Starlin Castro’s focus on defense starting to pay off
BY GORDON WITTENMYER Staff Reporter April 9, 2014 10:38PM
Pirates at cubs
The facts: 1:20 p.m., Ch. 9,
The pitchers: Gerrit Cole (1-0, 2.57 ERA) vs. Travis Wood (0-1, 4.26).
Updated: April 9, 2014 11:58PM
For all of the sudden production at the plate — including a pair of home runs Tuesday — shortstop Starlin Castro still knows his fielding is a critical part of how he’s viewed.
“I take early work every day,” said Castro, who came to spring training this year vowing to be more focused. “I come in here every day for defensive work. Every day.”
That included Wednesday, when he was the only player on the field hours before batting practice, taking grounders at short and working on tag plays at the bag. He made two exceptional plays in the first four innings: charging a roller in front of second to just get Pedro Alvarez in the second inning, and diving toward the middle and leaping to his feet to throw to first and rob Starling Marte of a hit in the fourth. He also ranged far into center field to catch a Travis Snider fly.
“I can see why he’s here for a while,” starter Jason Hammel said. “Outstanding ability. He made unbelievable plays up the middle for me tonight that shut down innings.”
“He’s been working very hard at trying to improve his game,” manager Rick Renteria said. “And he’s taking it very seriously. He’s got a little jump in his step.”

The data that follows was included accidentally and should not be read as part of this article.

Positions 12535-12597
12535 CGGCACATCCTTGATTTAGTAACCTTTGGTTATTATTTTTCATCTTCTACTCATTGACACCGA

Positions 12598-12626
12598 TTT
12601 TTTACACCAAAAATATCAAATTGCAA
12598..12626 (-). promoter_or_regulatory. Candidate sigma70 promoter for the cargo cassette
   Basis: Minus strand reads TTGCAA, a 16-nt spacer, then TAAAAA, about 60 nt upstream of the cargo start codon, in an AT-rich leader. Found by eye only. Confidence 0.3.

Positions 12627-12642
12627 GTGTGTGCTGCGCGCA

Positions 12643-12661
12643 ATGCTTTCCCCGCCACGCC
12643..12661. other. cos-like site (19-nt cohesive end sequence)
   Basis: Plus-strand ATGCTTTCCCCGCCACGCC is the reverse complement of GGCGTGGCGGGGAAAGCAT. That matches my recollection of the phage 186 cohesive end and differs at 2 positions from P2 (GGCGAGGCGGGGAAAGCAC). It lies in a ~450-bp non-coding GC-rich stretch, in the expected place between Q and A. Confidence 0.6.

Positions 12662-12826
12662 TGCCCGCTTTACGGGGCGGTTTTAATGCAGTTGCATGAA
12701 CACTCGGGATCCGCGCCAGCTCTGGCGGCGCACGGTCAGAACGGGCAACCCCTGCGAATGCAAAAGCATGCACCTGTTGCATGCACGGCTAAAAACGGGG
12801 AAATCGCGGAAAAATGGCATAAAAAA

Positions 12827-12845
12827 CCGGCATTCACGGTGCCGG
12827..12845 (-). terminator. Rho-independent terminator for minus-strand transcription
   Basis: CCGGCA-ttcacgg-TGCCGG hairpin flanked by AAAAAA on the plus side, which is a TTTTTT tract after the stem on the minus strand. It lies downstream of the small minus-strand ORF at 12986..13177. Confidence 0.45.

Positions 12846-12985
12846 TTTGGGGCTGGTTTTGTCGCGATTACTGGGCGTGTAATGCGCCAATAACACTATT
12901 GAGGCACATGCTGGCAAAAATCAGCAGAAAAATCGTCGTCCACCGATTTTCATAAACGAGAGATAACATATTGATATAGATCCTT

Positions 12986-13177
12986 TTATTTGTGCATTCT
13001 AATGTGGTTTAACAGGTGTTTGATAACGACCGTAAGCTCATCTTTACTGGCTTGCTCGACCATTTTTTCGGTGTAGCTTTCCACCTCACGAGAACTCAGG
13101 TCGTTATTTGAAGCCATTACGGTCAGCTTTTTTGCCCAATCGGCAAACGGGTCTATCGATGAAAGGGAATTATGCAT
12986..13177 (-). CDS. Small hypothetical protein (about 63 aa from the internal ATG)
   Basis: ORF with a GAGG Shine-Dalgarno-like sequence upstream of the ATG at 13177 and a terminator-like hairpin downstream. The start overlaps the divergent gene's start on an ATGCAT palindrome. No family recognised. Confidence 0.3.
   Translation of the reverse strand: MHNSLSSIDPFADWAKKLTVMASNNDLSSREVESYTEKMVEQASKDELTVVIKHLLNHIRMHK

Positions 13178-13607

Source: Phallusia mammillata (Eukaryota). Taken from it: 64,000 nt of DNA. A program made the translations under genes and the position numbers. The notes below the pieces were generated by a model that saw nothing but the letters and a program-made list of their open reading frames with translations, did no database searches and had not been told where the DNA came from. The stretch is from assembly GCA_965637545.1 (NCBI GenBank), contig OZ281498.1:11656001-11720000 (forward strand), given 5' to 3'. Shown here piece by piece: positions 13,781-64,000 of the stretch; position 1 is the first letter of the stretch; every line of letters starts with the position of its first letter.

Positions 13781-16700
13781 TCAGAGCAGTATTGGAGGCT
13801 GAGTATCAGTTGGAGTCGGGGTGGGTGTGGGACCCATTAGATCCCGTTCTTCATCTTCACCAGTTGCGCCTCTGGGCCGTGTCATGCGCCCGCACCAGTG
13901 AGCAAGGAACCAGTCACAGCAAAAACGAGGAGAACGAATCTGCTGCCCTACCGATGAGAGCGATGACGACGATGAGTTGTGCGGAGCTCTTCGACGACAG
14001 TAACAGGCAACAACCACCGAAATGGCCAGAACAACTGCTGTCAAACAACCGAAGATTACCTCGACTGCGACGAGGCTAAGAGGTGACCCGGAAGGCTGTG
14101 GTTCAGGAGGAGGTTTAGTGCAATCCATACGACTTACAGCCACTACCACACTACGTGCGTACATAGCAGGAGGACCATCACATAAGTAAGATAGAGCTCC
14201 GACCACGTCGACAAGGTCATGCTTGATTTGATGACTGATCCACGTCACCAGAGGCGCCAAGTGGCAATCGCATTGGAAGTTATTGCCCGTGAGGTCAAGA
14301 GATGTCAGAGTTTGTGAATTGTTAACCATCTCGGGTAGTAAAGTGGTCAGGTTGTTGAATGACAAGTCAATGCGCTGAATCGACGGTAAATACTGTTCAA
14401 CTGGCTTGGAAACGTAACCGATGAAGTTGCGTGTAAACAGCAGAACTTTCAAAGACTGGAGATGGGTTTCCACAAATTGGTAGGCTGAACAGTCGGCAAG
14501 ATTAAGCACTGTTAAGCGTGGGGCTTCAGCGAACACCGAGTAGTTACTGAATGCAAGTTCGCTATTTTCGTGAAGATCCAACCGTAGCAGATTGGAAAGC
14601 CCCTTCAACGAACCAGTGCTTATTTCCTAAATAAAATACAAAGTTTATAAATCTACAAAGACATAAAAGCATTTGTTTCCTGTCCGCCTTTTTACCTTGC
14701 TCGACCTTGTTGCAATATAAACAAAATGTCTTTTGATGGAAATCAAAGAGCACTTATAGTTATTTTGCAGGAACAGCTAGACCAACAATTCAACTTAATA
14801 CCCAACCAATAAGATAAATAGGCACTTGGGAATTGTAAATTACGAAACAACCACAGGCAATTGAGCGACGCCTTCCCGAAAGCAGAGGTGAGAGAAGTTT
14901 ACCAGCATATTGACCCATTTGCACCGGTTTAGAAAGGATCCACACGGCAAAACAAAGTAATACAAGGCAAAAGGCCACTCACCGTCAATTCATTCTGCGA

Kids to play?
Even before Mike Olt and Junior Lake hit back-to-back homers in the fifth Wednesday, Renteria said, “I’m hoping to start using them a little more back-to-back, versus lefties and righties. They need to find out who they are, too.”
The duo had five RBI.
“[Thursday’s] as good a day as any [to start],” Renteria said. “I’m confident in them. What we’re trying to build is the confidence that they should have within themselves.”
After pitching his first clean inning Tuesday, closer Jose Veras seemed at ease Wednesday.
“When you’re struggling for a couple outings, then you get a good one, it feels good for any pitcher,’’ Veras said.
It didn’t hurt to see Renteria rip into plate umpire Jeff Nelson over a tight strike zone.
“You don’t want to let your manager get thrown out,” Veras said, “but you feel good when you’ve got someone right there picking a fight for you.”